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Re: To all candidates: Debian and people with disabilities


Devin Prater, le lun. 21 mars 2022 22:10:15 -0500, a ecrit:
> As far as backports, my problem is enabling it. Normal desktop users probably
> won't even know what that is, and the syntax is rather ugly, to me at least.

Ok, that's one point that could be worked on: creating an easy way to
enable backports. At least as a question in the installer, and possibly
in e.g. synaptic or such after installation. Please report this idea to
the debian installer team and to the synaptic package.

> I'd personally like to see accessibility on the same level as security or very
> important bug fix updates, because sometimes they are,

Actually this is already considered so. For instance, two important
accessibility fixes have gone into the dot-release that will happen this

But like security, just uploading a new version of software to Debian
stable is dangerous for stability. New software do not only have fixes,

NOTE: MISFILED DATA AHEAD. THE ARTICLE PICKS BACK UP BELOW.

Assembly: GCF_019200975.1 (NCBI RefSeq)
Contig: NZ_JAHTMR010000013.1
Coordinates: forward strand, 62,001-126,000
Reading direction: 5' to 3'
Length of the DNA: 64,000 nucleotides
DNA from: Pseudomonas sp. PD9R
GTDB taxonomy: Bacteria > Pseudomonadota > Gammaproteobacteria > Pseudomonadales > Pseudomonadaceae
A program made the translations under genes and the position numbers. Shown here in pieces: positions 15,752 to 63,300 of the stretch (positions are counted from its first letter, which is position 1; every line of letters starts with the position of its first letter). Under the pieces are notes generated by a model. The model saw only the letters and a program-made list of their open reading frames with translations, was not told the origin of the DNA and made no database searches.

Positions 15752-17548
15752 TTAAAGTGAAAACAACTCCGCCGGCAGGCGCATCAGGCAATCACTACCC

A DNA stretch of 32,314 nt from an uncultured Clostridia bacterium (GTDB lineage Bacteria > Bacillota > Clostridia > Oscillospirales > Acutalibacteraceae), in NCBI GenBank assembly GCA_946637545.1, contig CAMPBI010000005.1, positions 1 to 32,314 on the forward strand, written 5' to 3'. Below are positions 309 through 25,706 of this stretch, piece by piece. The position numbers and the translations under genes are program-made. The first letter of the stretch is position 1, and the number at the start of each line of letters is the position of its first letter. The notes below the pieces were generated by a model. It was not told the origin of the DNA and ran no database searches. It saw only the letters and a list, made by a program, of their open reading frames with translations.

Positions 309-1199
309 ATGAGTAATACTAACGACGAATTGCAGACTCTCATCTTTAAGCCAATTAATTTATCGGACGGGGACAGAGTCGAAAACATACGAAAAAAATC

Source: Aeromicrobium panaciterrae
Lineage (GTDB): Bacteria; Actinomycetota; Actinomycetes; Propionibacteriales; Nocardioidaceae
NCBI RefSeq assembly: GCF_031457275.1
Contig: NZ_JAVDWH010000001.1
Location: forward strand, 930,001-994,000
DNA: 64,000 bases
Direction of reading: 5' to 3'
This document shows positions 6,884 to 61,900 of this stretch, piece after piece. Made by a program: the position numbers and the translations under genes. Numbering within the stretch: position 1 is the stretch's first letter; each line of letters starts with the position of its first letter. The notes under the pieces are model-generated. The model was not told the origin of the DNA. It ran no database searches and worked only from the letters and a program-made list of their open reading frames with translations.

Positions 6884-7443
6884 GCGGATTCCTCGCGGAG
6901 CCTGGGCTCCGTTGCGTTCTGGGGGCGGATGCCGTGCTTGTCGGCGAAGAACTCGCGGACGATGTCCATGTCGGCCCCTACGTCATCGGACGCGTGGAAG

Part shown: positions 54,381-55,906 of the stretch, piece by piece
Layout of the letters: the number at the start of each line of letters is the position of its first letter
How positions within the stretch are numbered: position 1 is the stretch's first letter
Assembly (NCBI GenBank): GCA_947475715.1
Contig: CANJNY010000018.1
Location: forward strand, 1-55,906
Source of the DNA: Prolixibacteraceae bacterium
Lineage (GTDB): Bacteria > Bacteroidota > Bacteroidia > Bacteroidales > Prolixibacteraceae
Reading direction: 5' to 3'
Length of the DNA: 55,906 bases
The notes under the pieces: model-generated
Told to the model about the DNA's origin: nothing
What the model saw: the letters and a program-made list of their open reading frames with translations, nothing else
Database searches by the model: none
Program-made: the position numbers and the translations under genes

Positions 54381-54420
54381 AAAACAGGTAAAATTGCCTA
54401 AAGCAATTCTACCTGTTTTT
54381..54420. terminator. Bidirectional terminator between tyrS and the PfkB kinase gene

but also do have regression as well, that's why the release team only
accepts small targetted fixes in Debian stable, whose changes can be
closely scrutinized to make sure they aren't bringing regressions.

> especially when something like the Terminal bug happened with Orca,
> where Orca couldn't read the Mate Terminal.

I'm not aware of the issue?
Bugs that aren't reported are bugs that won't be fixed ;)

> Another thing is braille support. BRLTTY, the package for driving
> Braille displays, gets updated like once every three months or so with
> support for new Braille displays.

That is what backports is for, just like it is for the Linux kernel when
people buy newer hardware. So we're back to the question at the top.

> it would be nice if whoever is elected to remember us, and setting
> aside a day to work on accessibility issues would be an amazing start.

Promoting awareness of accessibility issues in Debian communication
would be the role of a DPL, yes.

But I don't think it would have to be for the DPL to lead work on
accessibility: *anybody* can do that, so let's not put the load over
somebody who will already have a lot to do.

Really, leading work on accessibility is mostly about taking the time
to identify a problem, discussing with various teams to find out where
it can be fixed, and then finding volunteers to work on the fix. One
doesn't even need to know programming to do this, and this does not have
to be just one person to do it (otherwise things will move, yes, but at
a very slow pace).


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